The Suzuki Program at PCM is for children ages four and up with parent participation.
Our Suzuki students have access to several learning opportunities. We offer private Suzuki lessons in violin, viola, and cello, as well as violin group classes.
Every Child Can Learn
When Japanese violinist Shinichi Suzuki moved to Germany in the 1920’s, he quickly discovered the challenges of learning a new language. As a college-educated man, he noticed that toddlers could speak their native language complete with dialect and inflection of their specific geographic location. As he contemplated this phenomenon, he wondered if the same principles of language learning could be applied to the study of music. From this question, the Suzuki method was born.
Suzuki called his new teaching method “the mother-tongue approach” because it applied the process by which children learn their native language to musical learning. Many of the keystones of the Suzuki Method are as follows:
Suzuki parents are very involved in their child’s musical development. They attend lessons with the child and directly participate in the learning process. The parent becomes the “home teacher” during the week, assisting in all aspects of practicing and supporting the student, creating a positive learning environment with help from the Suzuki teacher.
Positivity and Environment
Parents and the teacher work together to create a positive environment both at home as well as in the studio. Just as parents respond positively when a child says a new word for the first time, they should also respond to a child’s musical growth with affirmation. A special place for practicing and listening in the home supports and encourages the child.
Early Start – Listening
Although it is never too late to start, Suzuki students traditionally start at the age of three or four! This allows them to learn music at a time when they are developing communication skills. Children develop musical skills in the same natural way they develop language, by listening and repetition. As babies learn to speak, they do not read at this time. Later, once skill is developed on the instrument, then music reading is introduced. A CD with specific repertoire is listened to daily and many Suzuki families start listening before they begin lessons.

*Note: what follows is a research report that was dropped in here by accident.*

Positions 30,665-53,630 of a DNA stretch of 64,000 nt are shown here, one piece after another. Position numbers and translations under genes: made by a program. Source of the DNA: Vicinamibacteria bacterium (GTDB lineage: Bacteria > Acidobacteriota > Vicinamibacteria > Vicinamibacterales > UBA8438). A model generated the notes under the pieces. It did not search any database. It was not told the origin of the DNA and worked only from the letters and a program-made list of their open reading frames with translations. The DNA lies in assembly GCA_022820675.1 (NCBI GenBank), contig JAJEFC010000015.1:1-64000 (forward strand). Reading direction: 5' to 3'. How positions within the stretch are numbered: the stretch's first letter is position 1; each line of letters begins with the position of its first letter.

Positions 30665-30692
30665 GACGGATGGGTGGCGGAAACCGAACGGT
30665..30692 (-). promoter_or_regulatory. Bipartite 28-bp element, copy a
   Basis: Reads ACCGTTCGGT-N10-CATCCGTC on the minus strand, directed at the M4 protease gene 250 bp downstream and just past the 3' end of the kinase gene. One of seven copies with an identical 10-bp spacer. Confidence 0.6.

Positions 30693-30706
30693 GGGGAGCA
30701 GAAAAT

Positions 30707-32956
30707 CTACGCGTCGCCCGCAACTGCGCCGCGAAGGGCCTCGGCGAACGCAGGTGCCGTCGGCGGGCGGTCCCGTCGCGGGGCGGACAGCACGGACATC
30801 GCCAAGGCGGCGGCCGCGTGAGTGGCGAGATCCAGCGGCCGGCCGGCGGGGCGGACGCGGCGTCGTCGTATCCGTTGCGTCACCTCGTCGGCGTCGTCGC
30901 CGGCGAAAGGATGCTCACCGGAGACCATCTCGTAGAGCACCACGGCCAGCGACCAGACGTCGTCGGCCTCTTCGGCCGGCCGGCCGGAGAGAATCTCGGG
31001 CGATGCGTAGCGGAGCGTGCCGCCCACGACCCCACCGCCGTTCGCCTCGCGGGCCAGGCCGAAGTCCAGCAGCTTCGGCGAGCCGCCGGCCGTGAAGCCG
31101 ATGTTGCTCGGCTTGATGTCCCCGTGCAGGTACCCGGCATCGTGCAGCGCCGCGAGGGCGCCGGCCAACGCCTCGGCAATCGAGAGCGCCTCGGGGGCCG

Repetition and Review
Constant repetition is essential in learning to speak as well as to play an instrument. Children do not learn a word or piece of music and then discard it. Once a Suzuki student learns a piece, they retain it by adding it to their review list, building upon their experience by using it in more sophisticated ways.
Interactive and Group Learning
Suzuki students learn the importance of interaction with teachers and parents. However, another layer of the Suzuki method is also the interaction with other Suzuki students. Group classes and ensembles allow students to gain skills and musical depth by drawing upon shared learning experiences with others. Motivation is a plus! Suzuki students across the world play together regularly!
PCM students are also very fortunate to have the New England Suzuki Institute (NESI) camp at St. Joseph’s College in Standish, Maine. This nationally-recognized institute occurs the last week of June, involving students not only from Maine but from various parts of the country.